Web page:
By having these impromptu discussions, you give insight to how the company works. You gain insight into how the staff members think, and how they perceive the company. You can share challenges and obstacles that management are aware of that staff may not – budget limits, reporting requirements to the government, laws or rules that bind the company. And everyone walks away owning a bit of the company, with more knowledge. And that is far more powerful than sending out a blanket email from on high.

In credit and collections, be they internal Accounts Receivable departments, or at a collection agency, this can deal with discussing demand letter wording, daily target challenges, idiosyncrasies of particular clients or customers, company structure, and so on.

Let me give you an example. On a recent Thursday, we had an issue at the collection agency about debtors requesting validation letters. Our existing process was for collectors to flag the file, and the IT department to pull the flagged file if it had been worked in the last seven days and send a weekly request to the client, who would then produce a batch of PDF validation letters, and send them back to the agency. However, the process got tangled because the collectors were noting the letters going out, creating a repetitive loop that caused the IT department (who saw the flagged file worked in the last seven days) to re-request the validation letters. All of this was a miscommunication issue easily solved by snagging the collection department leader, pulling over the IT staff, and grabbing the two collectors responsible for sending out the letters. In five minutes we had a simple solution, created an automated flag for ‘validation letter sent’, eliminated some unnecessary work noting files, reduced the validation letters requested from the client, and made everyone’s work lives better.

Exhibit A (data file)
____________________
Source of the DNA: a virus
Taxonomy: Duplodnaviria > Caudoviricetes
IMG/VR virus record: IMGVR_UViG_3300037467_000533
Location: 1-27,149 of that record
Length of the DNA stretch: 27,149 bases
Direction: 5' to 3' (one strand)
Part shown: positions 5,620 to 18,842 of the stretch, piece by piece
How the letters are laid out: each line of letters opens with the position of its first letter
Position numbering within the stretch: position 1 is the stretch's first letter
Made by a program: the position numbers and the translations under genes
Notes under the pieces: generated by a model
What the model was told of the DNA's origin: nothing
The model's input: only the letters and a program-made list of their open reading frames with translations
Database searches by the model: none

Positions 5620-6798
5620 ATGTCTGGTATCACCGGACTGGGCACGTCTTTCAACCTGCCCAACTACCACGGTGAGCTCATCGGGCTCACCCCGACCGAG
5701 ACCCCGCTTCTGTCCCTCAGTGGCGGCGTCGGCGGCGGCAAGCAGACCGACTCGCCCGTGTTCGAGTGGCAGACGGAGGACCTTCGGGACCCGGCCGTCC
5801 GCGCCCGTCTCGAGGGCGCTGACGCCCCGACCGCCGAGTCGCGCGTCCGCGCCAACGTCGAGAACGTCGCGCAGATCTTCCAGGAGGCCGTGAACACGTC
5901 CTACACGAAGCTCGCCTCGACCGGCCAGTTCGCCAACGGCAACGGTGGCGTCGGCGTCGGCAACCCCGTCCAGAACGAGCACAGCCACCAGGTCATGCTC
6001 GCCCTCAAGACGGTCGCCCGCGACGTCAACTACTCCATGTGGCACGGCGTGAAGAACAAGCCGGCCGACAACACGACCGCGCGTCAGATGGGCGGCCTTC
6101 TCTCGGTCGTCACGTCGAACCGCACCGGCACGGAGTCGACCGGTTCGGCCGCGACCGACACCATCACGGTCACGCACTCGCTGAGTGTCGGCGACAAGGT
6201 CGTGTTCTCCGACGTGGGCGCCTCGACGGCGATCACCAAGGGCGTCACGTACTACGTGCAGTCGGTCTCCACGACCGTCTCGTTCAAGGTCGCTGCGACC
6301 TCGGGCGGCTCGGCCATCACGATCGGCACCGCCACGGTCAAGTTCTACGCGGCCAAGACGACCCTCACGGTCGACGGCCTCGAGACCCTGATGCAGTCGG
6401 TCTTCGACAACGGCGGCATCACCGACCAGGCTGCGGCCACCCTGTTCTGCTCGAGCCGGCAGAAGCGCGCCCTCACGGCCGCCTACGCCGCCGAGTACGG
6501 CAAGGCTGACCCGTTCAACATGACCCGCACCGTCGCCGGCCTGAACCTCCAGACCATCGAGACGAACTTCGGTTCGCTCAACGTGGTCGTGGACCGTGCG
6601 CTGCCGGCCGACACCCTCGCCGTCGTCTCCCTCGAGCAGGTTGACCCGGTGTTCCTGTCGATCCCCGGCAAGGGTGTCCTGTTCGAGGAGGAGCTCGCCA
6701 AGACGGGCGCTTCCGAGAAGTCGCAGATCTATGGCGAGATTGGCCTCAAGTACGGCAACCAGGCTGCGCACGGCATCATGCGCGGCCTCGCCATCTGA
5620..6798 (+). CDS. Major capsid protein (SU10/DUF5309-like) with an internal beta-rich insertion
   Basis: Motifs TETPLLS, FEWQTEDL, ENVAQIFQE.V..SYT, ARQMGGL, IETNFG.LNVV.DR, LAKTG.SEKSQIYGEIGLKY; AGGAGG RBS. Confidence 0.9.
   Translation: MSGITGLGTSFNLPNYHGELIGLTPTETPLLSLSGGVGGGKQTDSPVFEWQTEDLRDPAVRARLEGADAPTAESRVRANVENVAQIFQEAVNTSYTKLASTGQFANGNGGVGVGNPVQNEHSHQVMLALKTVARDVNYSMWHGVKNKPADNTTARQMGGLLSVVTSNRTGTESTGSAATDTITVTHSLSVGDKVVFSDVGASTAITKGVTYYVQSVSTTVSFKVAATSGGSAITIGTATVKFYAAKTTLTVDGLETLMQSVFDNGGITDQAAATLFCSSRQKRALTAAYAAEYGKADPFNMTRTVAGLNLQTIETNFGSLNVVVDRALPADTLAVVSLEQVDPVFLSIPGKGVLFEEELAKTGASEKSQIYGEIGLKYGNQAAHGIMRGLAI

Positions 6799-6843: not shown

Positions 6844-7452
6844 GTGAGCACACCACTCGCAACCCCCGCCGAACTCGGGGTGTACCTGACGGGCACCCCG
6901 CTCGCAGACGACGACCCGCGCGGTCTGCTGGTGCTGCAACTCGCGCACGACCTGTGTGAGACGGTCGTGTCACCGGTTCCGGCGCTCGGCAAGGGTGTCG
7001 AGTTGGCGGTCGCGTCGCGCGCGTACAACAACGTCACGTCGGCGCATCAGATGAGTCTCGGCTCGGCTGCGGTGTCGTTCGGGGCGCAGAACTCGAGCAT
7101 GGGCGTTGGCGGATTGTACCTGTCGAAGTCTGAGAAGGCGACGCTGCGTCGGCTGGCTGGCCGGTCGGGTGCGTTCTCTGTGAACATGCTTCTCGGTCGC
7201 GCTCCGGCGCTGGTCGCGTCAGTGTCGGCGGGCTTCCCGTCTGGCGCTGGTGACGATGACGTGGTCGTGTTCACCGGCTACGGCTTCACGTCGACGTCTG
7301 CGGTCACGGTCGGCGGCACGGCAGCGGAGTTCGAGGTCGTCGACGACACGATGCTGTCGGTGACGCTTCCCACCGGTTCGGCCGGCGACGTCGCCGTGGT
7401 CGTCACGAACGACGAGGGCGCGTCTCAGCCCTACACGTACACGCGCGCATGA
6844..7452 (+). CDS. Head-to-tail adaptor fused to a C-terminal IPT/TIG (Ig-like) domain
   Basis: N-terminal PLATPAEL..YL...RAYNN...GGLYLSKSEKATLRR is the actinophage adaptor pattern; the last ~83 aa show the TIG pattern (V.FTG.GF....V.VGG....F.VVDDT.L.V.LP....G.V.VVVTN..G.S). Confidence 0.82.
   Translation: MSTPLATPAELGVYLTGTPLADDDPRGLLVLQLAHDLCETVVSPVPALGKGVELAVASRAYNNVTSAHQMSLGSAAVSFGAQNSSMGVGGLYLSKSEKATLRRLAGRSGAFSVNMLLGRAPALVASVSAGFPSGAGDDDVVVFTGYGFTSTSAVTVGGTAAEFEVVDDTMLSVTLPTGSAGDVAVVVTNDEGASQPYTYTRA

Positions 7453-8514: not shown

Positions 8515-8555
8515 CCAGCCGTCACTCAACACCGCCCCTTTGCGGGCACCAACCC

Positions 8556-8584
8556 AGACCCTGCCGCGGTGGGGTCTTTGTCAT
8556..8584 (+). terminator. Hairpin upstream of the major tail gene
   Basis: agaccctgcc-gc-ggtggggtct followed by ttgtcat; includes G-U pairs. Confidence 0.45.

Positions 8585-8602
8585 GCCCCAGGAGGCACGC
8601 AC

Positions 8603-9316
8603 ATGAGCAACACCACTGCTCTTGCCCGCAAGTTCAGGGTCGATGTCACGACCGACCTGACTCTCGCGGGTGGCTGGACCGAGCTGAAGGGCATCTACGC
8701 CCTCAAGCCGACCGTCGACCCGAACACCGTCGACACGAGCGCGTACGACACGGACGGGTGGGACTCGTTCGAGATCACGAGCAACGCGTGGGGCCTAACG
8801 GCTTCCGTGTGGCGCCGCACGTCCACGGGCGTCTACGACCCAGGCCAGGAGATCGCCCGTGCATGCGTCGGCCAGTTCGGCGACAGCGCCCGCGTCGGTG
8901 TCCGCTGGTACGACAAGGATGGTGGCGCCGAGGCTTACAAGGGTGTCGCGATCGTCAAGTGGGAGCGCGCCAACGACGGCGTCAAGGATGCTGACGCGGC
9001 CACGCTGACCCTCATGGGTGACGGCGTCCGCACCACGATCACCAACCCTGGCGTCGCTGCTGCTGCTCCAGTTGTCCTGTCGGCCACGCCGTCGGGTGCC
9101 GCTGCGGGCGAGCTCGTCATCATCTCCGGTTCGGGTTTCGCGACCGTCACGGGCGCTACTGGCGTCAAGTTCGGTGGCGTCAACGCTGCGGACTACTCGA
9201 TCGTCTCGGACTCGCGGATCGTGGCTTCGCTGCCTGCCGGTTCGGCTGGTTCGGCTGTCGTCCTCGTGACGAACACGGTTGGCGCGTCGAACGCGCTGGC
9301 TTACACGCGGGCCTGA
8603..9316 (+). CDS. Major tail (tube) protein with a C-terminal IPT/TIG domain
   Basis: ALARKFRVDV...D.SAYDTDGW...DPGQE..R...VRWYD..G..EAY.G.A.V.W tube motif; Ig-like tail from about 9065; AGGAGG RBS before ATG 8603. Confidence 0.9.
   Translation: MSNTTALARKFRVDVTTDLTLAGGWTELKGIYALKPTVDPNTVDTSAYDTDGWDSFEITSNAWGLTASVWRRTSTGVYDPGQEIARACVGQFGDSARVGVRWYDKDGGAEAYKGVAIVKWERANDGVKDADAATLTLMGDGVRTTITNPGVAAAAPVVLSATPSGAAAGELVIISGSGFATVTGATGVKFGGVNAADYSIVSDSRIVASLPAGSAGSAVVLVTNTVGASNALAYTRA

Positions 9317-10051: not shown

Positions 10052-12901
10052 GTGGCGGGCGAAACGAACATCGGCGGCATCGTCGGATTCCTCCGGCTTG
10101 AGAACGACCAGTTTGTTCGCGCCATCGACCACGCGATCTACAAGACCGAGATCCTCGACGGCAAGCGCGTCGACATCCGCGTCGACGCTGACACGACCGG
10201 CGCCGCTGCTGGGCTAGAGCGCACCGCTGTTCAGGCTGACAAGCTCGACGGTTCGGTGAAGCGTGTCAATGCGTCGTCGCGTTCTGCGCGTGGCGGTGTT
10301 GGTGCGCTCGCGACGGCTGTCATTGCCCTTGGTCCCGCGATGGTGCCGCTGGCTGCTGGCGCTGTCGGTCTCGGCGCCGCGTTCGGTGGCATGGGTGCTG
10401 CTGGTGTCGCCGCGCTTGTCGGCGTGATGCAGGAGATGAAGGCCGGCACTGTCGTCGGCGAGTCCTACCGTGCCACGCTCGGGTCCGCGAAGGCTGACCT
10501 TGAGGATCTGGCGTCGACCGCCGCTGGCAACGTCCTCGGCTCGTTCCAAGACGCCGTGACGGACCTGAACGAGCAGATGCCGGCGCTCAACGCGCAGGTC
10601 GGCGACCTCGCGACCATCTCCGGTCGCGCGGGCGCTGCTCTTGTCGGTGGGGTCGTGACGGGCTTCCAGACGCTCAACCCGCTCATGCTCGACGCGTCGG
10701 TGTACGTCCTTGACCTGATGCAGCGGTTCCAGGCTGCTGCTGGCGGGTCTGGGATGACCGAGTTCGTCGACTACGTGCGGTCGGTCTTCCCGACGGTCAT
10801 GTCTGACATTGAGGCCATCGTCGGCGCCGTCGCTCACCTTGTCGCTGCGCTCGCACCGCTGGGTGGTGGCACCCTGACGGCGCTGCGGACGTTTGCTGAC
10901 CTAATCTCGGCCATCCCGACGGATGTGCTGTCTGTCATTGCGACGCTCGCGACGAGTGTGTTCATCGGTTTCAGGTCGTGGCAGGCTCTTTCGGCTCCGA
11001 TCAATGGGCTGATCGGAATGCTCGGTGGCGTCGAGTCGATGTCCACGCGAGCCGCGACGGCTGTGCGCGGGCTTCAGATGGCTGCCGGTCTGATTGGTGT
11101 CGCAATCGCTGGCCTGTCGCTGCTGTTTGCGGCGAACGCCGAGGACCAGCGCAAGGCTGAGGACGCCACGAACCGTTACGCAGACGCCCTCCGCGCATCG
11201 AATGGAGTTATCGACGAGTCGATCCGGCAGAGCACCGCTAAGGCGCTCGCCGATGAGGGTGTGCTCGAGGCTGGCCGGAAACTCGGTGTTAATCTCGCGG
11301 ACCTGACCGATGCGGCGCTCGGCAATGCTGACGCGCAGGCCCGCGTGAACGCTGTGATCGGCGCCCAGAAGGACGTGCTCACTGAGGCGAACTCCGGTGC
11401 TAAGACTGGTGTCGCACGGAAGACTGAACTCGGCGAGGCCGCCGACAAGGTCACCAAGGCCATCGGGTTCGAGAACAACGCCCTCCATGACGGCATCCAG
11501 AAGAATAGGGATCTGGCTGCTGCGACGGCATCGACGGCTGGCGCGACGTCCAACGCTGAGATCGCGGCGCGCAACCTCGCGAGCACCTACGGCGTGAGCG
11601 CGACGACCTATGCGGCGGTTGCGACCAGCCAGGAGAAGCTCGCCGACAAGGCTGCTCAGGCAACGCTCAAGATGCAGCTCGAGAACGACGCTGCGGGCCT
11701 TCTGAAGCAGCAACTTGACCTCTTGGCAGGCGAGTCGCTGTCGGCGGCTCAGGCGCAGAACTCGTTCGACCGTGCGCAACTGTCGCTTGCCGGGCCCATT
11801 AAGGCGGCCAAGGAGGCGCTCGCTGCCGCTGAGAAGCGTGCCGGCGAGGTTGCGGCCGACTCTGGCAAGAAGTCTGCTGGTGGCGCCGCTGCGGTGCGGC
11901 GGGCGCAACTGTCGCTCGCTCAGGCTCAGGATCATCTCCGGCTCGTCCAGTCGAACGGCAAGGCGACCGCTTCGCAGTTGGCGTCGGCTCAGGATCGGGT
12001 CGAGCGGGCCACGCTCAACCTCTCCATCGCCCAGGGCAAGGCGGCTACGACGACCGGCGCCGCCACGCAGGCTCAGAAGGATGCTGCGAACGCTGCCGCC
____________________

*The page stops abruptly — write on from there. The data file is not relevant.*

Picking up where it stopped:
In five minutes.

This couldn’t have happened as quickly (if at all), or with as much positive karma through an email issued by management, a formal board room meeting, or some other formal structure. What it took was grabbing all the involved parties, encouraging them to explain their piece of the process, and brainstorming some new ideas. We changed the collection database that day by adding a new status, and added two lines of code to a PHP/SQL report. Simple solution, created by the collectors, undertaken by IT. All the management needed to do was to check in the next day and make sure it was done.

If any managers or staff members have a question or comment, I am always happy to share my experience and opinions, and encourage anyone to contact myself and have a conversation.

Blair Wettlaufer
Kingston Data and Credit
Cambridge, ON


  1. Actually, I mentioned "Management By Walking Around" and my fond memories of George Smith (now of Purple Angel), a tech savvy senior manager at Bell Northern in the 1980s, who was a great practitioner of this art. He remembered names and relationships and was always interested in what you were doing. It gave him a feeling for the pulse of the company and all its workers, not just his direct reports.
    Our immediate managers were known as "working" managers and many exercised a tech lead function. It was a great environment to learn and grow in.

  2. My apologies for misremembering, Jennifer! I absolutely agree with "working managers", and keeping your finger on the pulse of the company, through the workers.